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Windfall for Arcadia workers



AUSTRALIA-LISTED mining concern, Prospect Resources (Prospect) has resolved to repay its employees who took salary cuts to reduce overall business costs as the COVID–19 scourge hit the globe last year.

In April 2020, all Prospect employees, including board members, agreed to take a significant reduction in salaries.

But Prospect, whose flagship operation is Arcadia lithium mine in Zimbabwe, has said having achieved significant cost savings through the action and with declining uncertainty in the global economic outlook, the board resolved to revert all salaries to precrisis levels.

“At this time, the Prospect board also expressed the intent to reimburse the full value of the foregone salary to all employees, and resolved to seek advice on the best approach to adopt,” the company said.

As a result, the Prospect board recently resolved to formalise a mechanism whereby contractual rights for all employees, exclusive of non-executive directors, would be amended to incorporate the payment of a salary sacrifice recognition.

The total of all potential salary sacrifice recognition payments is approximately US$565 065, inclusive of the amounts payable to Prospect managing director Sam Hosack and executive director, Harry Greaves.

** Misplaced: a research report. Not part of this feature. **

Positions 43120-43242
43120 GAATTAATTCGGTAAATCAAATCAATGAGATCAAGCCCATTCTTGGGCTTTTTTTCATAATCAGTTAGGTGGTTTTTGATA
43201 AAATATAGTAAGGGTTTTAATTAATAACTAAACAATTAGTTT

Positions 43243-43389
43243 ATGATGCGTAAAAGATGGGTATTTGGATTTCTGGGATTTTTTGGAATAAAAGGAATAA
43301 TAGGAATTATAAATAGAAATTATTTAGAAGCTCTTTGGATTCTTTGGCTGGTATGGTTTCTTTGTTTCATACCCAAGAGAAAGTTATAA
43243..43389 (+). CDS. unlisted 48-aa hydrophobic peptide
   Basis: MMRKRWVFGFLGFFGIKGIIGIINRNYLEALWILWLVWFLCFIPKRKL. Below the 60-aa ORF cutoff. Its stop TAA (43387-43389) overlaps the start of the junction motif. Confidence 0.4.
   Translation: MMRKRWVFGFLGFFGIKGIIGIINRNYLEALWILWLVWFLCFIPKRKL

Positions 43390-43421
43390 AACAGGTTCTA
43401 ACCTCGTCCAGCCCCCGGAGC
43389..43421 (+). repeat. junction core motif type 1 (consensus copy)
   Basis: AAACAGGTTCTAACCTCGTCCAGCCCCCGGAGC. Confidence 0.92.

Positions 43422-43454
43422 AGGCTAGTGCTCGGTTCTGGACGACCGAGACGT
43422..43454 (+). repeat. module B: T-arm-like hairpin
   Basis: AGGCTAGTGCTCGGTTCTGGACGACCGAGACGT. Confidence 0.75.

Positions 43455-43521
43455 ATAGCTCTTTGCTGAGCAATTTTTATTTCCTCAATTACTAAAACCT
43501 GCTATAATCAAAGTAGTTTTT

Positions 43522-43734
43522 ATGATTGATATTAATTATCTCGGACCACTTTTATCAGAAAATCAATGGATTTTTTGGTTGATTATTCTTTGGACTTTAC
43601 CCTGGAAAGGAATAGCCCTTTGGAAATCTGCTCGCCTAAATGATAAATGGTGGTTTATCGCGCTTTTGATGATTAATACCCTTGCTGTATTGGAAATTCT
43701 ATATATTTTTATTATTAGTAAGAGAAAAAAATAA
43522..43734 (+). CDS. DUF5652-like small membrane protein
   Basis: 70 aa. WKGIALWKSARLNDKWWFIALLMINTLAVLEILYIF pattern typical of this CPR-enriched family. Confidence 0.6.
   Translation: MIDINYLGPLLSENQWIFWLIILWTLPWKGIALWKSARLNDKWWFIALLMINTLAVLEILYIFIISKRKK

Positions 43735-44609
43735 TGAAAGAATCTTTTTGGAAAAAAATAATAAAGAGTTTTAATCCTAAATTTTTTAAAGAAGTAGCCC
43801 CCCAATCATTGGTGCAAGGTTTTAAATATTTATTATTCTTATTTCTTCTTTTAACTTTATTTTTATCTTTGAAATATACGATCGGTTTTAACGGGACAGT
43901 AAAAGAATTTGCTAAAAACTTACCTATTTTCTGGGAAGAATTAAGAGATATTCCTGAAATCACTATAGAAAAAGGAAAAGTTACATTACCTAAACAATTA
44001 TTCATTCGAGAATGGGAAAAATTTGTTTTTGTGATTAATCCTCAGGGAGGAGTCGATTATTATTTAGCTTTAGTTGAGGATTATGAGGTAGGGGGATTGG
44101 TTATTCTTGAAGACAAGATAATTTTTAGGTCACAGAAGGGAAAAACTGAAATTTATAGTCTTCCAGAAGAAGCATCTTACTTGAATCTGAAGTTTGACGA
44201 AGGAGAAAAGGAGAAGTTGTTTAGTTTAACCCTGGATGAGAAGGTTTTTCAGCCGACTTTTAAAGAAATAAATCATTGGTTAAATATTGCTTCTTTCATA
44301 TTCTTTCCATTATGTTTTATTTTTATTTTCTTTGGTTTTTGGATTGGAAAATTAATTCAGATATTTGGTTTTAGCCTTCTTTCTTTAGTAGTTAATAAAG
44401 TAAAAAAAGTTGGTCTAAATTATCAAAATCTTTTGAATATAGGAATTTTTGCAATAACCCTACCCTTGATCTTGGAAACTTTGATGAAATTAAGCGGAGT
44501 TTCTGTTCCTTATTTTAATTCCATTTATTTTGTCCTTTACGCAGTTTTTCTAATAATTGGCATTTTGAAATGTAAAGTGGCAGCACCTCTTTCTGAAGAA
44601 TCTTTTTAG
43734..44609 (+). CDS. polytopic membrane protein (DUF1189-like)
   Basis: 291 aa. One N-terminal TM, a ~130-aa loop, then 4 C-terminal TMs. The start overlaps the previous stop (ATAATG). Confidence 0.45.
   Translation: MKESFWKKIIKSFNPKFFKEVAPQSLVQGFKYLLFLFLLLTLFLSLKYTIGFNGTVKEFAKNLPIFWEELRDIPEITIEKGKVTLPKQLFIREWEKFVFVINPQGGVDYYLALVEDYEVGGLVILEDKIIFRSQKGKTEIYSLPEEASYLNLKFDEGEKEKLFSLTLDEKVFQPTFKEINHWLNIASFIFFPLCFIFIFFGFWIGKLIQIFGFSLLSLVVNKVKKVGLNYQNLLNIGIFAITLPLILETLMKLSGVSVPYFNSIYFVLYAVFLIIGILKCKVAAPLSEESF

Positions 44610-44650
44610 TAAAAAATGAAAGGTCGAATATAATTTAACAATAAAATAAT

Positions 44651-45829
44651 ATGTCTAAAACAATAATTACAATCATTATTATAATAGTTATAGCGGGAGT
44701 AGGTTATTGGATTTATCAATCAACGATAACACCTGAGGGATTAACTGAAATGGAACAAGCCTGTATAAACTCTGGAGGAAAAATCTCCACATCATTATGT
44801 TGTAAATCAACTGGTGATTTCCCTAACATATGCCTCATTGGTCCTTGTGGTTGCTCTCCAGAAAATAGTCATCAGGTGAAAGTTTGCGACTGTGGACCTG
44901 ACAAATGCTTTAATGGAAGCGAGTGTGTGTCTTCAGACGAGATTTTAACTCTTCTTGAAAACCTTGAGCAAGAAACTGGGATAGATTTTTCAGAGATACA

Hosack and Greaves will now be entitled to the payment of a salary sacrifice recognition amount totalling US$128 424 and US$91 731, respectively.

The company said all other remuneration components for both Hosack and Greaves remained unchanged.

Commenting on the matter, Prospect’s non-executive chairman, Mark Wheatley said: “On behalf of the board, I am pleased that we have been able to approve a mechanism that fairly repays Sam, Harry and all employees that took significant pay reductions at a time that helped the company reach it’s much stronger position today.

“These conditional payments and equity incentives approved during the year are strongly aligned with the interests of shareholders.”

Prospect is one of four key lithium developers that have taken an interest in the country’s resource.

Development has been boosted by a boom on the international market where lithium has gained significance in the production of batteries for the auto-mobile industry.

Most of the demand has come from Chinese markets.

The company appears to be putting more effort in developing its multimillion lithium mine at Arcadia, about 60 kilometres north east of Harare, for now.

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